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ACH and eCheck Payments

What's ACH?

ACH, or Automated Clearing House, is the technology that processes electronic financial transactions between all banking and financial institutions throughout the U.S. and is governed by Nacha. Within the network, ACH payments are composed of two electronic payment types: ACH debit (e.g., bill payments) and ACH credit (e.g., direct deposits such as refunds, government benefits and more). 

These payments originated in the late ‘60s as a response to bankers' concerns that previous technology wouldn't be able to keep pace with the volume of paper checks being processed. Eventually, the network was developed to more efficiently process paper checks using the account and routing numbers. By 2001, ACH payments had expanded to the internet (WEB) and phone (TEL), enabling consumers and businesses to pay bills and make other payments electronically.

For ACH processing, the merchant requests written, electronic or verbal authorization from the customer. The submission is then converted into an ACH transaction via the payment gateway and then goes to the merchant's payment processor. Once complete, the transaction is sent to the customer's bank, and funds are withdrawn in three to five business days.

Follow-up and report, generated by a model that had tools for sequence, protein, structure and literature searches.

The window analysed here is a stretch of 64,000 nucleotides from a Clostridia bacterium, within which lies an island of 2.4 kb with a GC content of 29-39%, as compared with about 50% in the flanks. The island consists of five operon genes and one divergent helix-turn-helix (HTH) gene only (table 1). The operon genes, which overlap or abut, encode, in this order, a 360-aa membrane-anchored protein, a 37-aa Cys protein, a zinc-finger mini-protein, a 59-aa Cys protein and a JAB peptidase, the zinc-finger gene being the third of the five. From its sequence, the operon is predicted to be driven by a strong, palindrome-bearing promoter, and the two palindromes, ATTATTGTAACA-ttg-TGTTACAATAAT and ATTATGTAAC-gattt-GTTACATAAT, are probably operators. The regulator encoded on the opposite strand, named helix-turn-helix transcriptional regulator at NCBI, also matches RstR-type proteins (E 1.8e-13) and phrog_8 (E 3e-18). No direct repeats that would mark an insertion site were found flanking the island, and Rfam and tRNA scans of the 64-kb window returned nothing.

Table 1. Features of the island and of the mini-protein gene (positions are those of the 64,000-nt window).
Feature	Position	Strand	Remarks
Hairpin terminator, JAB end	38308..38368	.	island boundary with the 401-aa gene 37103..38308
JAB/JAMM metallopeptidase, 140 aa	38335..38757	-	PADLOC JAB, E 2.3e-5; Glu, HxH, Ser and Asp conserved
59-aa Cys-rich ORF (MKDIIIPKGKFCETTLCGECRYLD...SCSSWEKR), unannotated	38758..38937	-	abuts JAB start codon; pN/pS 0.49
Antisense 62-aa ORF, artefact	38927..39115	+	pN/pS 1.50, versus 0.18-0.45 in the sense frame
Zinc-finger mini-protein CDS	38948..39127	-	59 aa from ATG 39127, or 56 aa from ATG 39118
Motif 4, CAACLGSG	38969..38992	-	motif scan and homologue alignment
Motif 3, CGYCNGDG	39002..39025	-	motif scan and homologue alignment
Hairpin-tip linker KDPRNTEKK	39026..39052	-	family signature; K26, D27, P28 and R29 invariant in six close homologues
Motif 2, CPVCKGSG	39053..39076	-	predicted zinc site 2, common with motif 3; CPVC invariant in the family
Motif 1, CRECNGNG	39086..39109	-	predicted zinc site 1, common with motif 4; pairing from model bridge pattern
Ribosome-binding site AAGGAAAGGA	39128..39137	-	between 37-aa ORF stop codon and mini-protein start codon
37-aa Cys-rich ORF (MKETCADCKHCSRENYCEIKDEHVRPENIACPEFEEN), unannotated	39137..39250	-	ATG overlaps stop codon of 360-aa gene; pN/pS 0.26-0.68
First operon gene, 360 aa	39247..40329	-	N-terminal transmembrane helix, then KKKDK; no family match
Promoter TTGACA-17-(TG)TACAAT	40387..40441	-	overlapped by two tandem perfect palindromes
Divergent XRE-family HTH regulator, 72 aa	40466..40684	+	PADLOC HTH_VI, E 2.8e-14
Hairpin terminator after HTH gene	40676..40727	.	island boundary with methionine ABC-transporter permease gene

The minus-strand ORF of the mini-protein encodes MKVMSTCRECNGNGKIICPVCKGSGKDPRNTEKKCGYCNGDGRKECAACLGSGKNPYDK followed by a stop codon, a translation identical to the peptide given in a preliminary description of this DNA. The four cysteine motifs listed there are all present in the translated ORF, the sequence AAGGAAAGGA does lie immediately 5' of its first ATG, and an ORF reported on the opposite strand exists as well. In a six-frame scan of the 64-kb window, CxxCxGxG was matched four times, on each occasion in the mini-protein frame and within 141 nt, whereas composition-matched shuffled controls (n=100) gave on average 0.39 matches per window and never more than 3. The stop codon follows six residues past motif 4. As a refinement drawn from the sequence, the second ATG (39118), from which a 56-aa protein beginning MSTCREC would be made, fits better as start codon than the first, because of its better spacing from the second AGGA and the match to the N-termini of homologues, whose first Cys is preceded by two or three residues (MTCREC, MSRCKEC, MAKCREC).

What's an eCheck?

Electronic checks, or eChecks, are a digital version of a paper check that is initiated by a bank transfer. eChecks use ACH processing, and they are often referred to as ACH debits, meaning they only function to “pull” funds from a customer’s bank account. The ACH network facilitates the payment processing between banks and financial institutions. With eChecks, payments are processed faster than physical checks. However, like ACH payments, eChecks still require the bank account's routing and account numbers in addition to the customer's authorization. 

This authorization can be done over the phone, with a signed form or a completed online payment form. Once payments are authorized, set up, completed and submitted, they're withdrawn from the customer's account and then deposited into the merchant's bank account within three to five business days from the start of the process.

Now that we've highlighted the differences and similarities, it's time to start the ball rolling. Contact REPAY today to learn which option is best for your business and customers. 



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